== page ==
Uncle Bobs Tips: Generator Guide

PTO Generators



PTO generators use the vehicle engine for power and are driven directly off the transmission power takeoff with a driveshaft.

As modern vehicle power requirements continue to increase, the engine alternator often gets taxed to its limit. In some cases, it's taxed beyond its limit, and then an internal "electrical load manager" must selectively shut down circuits to prevent the batteries from being drained. One solution to this problem has been to shift some of the electrical load off of the vehicle's 12-volt system and onto a separate 120/240-volt system powered by a vehicle-mounted or PTO generator. The 120/240-volt power PTO generator also allows the use of more powerful lights and motors for improved effectiveness.

Here are some of the features, advantages, and disadvantages of PTO generators:
PTO generators use the vehicle engine for power and are driven directly off the transmission power takeoff with a driveshaft. PTO generators generate 120/240-volt, 60-cycle, single-phase AC and are available in models ranging in energy delivered from 7kw to 150kw.

Because they use the vehicle engine for power, PTO generators are relatively small and lightweight. For example, a 40kw PTO generator weighs only 500 pounds, compared to about 2,000 pounds for a diesel-powered, water-cooled mobile unit of the same electric rating. The PTO generator is usually mounted close to the transmission under the vehicle frame. The biggest advantage of PTO generators is that they don't need a separate engine, thus they take up less space, are lighter and less expensive, and require almost no maintenance. PTO generators are also quieter than other generators. On the basis of cost per kilowatt, PTO generators represent an excellent buy for higher power ratings.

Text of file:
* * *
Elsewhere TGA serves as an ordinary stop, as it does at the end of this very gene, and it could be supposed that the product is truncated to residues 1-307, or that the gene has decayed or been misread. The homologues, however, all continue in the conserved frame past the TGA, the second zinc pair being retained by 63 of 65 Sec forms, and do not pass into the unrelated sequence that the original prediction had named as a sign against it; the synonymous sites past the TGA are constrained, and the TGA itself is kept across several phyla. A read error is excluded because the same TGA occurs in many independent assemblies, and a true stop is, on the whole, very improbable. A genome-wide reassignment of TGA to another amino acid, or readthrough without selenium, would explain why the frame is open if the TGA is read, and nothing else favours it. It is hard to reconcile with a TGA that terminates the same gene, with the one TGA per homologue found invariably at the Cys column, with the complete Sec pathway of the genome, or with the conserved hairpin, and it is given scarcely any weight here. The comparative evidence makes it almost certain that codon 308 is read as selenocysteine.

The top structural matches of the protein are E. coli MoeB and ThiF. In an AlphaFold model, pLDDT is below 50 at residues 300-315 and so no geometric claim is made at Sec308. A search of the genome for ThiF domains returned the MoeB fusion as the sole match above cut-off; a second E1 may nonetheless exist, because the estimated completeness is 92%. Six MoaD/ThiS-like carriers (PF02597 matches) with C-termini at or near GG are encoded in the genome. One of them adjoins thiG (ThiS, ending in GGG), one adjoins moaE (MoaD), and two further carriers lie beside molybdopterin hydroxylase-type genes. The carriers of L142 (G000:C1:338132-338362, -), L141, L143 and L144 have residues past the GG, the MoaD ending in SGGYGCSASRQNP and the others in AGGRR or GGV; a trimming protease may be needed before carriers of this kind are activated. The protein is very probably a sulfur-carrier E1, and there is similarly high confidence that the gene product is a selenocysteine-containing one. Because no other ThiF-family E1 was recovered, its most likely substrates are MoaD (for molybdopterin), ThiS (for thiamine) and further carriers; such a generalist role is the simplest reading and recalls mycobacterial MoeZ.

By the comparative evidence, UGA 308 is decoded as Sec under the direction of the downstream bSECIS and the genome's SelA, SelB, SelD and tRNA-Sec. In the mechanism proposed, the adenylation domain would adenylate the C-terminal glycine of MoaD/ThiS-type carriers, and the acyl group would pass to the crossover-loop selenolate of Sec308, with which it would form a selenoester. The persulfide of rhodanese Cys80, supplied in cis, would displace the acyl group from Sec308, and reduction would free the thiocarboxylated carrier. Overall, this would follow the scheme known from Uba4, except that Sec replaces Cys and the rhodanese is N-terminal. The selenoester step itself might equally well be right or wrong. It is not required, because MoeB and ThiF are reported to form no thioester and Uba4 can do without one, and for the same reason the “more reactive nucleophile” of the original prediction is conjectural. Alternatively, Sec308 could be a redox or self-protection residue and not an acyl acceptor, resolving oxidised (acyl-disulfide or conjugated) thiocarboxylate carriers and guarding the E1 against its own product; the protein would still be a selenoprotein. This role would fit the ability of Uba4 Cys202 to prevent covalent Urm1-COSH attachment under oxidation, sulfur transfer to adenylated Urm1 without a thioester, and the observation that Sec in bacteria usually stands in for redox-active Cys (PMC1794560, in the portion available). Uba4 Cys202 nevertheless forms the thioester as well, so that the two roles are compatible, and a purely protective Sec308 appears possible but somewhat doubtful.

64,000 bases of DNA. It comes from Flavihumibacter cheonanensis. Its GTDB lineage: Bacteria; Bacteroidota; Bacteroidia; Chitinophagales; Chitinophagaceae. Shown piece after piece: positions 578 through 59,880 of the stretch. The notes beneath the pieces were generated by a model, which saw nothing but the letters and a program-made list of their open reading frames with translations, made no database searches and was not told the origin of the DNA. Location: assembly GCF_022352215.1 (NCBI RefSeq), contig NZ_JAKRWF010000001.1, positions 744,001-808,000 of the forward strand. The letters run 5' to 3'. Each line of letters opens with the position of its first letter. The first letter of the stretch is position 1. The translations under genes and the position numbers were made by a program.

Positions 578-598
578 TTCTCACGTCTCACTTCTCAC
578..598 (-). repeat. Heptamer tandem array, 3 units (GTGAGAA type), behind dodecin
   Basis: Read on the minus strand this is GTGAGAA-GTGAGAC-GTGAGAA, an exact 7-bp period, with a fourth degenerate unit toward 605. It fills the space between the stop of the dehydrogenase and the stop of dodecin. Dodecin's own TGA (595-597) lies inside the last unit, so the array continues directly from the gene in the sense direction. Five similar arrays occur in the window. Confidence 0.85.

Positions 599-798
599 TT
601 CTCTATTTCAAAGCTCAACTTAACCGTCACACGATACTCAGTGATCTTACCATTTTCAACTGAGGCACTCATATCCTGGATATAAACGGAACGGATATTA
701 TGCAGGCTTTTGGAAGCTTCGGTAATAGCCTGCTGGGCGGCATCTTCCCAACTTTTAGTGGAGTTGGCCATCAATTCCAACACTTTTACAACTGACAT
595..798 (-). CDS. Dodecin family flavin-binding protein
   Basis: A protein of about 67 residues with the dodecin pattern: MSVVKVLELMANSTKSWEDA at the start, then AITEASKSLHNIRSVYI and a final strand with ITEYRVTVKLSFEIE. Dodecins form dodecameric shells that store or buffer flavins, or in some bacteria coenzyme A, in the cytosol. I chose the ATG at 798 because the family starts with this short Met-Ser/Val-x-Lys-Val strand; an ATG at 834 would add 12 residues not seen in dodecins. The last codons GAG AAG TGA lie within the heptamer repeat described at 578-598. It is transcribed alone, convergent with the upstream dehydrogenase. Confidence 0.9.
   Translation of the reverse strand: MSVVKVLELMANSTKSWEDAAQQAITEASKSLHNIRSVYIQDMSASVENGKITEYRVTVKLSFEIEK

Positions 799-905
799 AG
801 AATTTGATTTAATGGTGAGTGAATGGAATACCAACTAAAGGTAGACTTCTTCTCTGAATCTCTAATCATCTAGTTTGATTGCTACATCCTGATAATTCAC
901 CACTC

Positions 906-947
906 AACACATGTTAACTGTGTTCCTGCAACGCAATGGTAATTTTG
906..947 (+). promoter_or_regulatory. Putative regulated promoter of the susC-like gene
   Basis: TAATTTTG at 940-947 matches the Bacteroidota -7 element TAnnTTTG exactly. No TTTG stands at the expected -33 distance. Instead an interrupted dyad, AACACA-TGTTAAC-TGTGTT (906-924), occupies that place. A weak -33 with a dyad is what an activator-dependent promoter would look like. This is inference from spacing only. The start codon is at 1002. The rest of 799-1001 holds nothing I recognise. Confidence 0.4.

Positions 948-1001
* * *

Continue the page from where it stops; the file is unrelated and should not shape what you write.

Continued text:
The main disadvantage is that the power output is dependent on the vehicle engine speed. Thus, PTO generators are generally not suited for pumpers, where the engine speed varies depending on the required water flow rate. The mounting location of the PTO generator is also somewhat limited by the length and angle restrictions of the driveshaft.

PTO generators have many uses. Applications for PTO generators include aerials, rural and agricultural uses such as tractors, heavy-duty trailer homes, and some ambulances. Adding a PTO generator to your vehicle can thus improve its performance and give you added versatility at an incident scene. The additional electrical capacity can also help you and your employees work more efficiently and safely by providing better illumination and more powerful tools. PTO generators are also used as backup power during power outages and are attached to your vehicle using a manual transfer switch. Always ensure that your PTO generator is sized properly to prevent tip over.

Start-Up Procedure for PTO generators:

  • Check all fluid levels
  • Connect tractor to generator
  • Connect power cable
  • Start tractor and adjust PTO speed to proper RPM (either 540 or 1000)
  • Place transfer switch in emergency position
  • Add loads
  • Adjust tractor speed to maintain 60 Hertz
  • Monitor voltage and frequency
  • After utility power is restored, return transfer switch to normal
  • Allow 5 minutes for generator cool down
  • Disengage PTO lever
  • Remove connector power cable
  • Exercising the PTO-Driven Generator

  • Exercise the PTO generator every 90 days
  • Check all fluid levels
  • Following start-up procedure, start and run engine for 5 minutes with no load
  • Operate the generator under at least 50% load for 30 minutes
  • Check for any abnormalities and remedy as necessary
  • Remove load and run at rated speed and no load for a 5 minute cool down period







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